On 26 March 2015 the Lord Chief Justice, Mr Justice Cranston and Mr Justice Davis found that HHJ Wide erred in his direction to the jury by not being explicit enough in explaining how “serious” the misconduct had to be to amount to criminality.
In determining guilt HHJ Wide had confirmed that there were four elements to consider, as set out in Attorney General’s Reference (No 3 of 2003) outlined above. HHJ Wide said the third aspect to consider was whether the jury were sure that the prison officer committed misconduct to “such a degree as to amount to an abuse of the public’s trust in the officer holder”. The COA ruled that this direction was not transparent enough. It was ruled that the jury should have been told that they were required to carefully consider the threshold between misconduct in public office and actual criminal behaviour.
Ms Panton’s verdict was deemed to be unsafe and the conviction was quashed. Mr Sabey was given liberty to appeal on the same grounds and was successful at a future COA hearing.
The COA ruling on the element of ‘seriousness’ led to an urgent review and resulted in the DPP announcing that 9 out of 12 journalists awaiting trial would not be prosecuted. The 3 remaining journalists faced trial in May and October 2015. Chris Pharo and Jamie Pyatt were acquitted after 12 hours of deliberation. Anthony France was convicted in a separate trial and is currently in the process of appealing his conviction.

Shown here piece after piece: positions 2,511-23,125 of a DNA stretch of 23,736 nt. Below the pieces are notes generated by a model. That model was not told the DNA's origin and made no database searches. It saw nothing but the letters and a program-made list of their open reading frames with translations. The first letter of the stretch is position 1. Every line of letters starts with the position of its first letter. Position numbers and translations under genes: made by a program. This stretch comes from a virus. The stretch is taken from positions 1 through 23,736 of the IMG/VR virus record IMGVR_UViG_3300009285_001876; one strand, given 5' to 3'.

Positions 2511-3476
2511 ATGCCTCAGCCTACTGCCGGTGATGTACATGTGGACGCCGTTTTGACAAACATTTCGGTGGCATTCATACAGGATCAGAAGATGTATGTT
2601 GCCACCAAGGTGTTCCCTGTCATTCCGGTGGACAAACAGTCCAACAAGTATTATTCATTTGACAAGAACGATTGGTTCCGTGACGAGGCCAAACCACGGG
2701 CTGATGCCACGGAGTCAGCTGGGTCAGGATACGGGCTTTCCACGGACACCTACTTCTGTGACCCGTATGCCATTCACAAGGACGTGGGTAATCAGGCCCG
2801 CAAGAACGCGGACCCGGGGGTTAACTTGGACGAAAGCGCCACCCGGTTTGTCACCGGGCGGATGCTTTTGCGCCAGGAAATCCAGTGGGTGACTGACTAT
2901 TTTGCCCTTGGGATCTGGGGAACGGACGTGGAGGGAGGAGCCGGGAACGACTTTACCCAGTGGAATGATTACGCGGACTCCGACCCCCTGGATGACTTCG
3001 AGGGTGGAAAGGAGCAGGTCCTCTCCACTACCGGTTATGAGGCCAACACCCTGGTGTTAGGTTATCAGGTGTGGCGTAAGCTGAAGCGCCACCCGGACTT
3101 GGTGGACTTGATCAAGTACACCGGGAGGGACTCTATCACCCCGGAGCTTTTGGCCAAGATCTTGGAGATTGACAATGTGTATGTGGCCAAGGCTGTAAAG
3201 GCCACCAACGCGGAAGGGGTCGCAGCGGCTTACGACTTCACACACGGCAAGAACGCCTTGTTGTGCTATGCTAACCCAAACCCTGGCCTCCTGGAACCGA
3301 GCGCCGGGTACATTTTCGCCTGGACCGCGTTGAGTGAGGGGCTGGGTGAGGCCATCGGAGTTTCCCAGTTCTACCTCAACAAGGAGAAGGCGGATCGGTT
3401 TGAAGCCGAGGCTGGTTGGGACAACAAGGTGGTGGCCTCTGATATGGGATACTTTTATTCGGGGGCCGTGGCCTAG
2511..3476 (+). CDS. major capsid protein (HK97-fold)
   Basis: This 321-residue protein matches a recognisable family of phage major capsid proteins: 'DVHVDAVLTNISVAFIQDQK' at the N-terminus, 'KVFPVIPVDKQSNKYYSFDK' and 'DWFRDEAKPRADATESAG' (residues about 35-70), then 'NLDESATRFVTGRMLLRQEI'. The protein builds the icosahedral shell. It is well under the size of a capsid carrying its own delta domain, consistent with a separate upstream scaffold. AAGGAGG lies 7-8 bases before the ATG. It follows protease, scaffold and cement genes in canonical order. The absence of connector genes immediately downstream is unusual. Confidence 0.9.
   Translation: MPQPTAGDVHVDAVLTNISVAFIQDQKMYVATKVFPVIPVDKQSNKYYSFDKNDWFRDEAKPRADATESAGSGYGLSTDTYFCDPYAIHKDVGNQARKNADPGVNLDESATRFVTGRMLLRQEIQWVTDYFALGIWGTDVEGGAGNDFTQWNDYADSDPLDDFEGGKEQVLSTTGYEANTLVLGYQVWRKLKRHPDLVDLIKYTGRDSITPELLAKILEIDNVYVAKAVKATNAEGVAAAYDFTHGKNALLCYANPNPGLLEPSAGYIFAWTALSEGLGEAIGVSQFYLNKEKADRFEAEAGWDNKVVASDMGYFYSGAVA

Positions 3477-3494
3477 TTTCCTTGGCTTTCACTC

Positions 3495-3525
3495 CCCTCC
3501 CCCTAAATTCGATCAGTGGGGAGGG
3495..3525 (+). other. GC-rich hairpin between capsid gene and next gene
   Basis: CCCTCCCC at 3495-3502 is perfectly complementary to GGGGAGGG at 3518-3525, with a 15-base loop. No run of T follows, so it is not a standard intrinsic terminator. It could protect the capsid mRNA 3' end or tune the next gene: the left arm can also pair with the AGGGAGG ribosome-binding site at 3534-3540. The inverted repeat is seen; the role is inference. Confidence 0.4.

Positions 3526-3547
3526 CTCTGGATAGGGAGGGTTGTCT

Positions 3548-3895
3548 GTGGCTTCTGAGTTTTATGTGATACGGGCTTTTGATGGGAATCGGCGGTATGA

The ruling also led to revised guidance on MIPO being issued by the CPS.
Issues with the Decision to prosecute
Many have asked, was it in the public interest to spend millions prosecuting journalists for something that was deemed to be widespread in the industry and had been occurring for decades. Juries certainly did not think so. Out of the 29 journalists who were charged only three were found guilty after a jury trial. Two of these convictions were overturned by the COA and one is currently appealing his conviction. One further journalist, Dan Evans, pleaded guilty in the early stages of his case.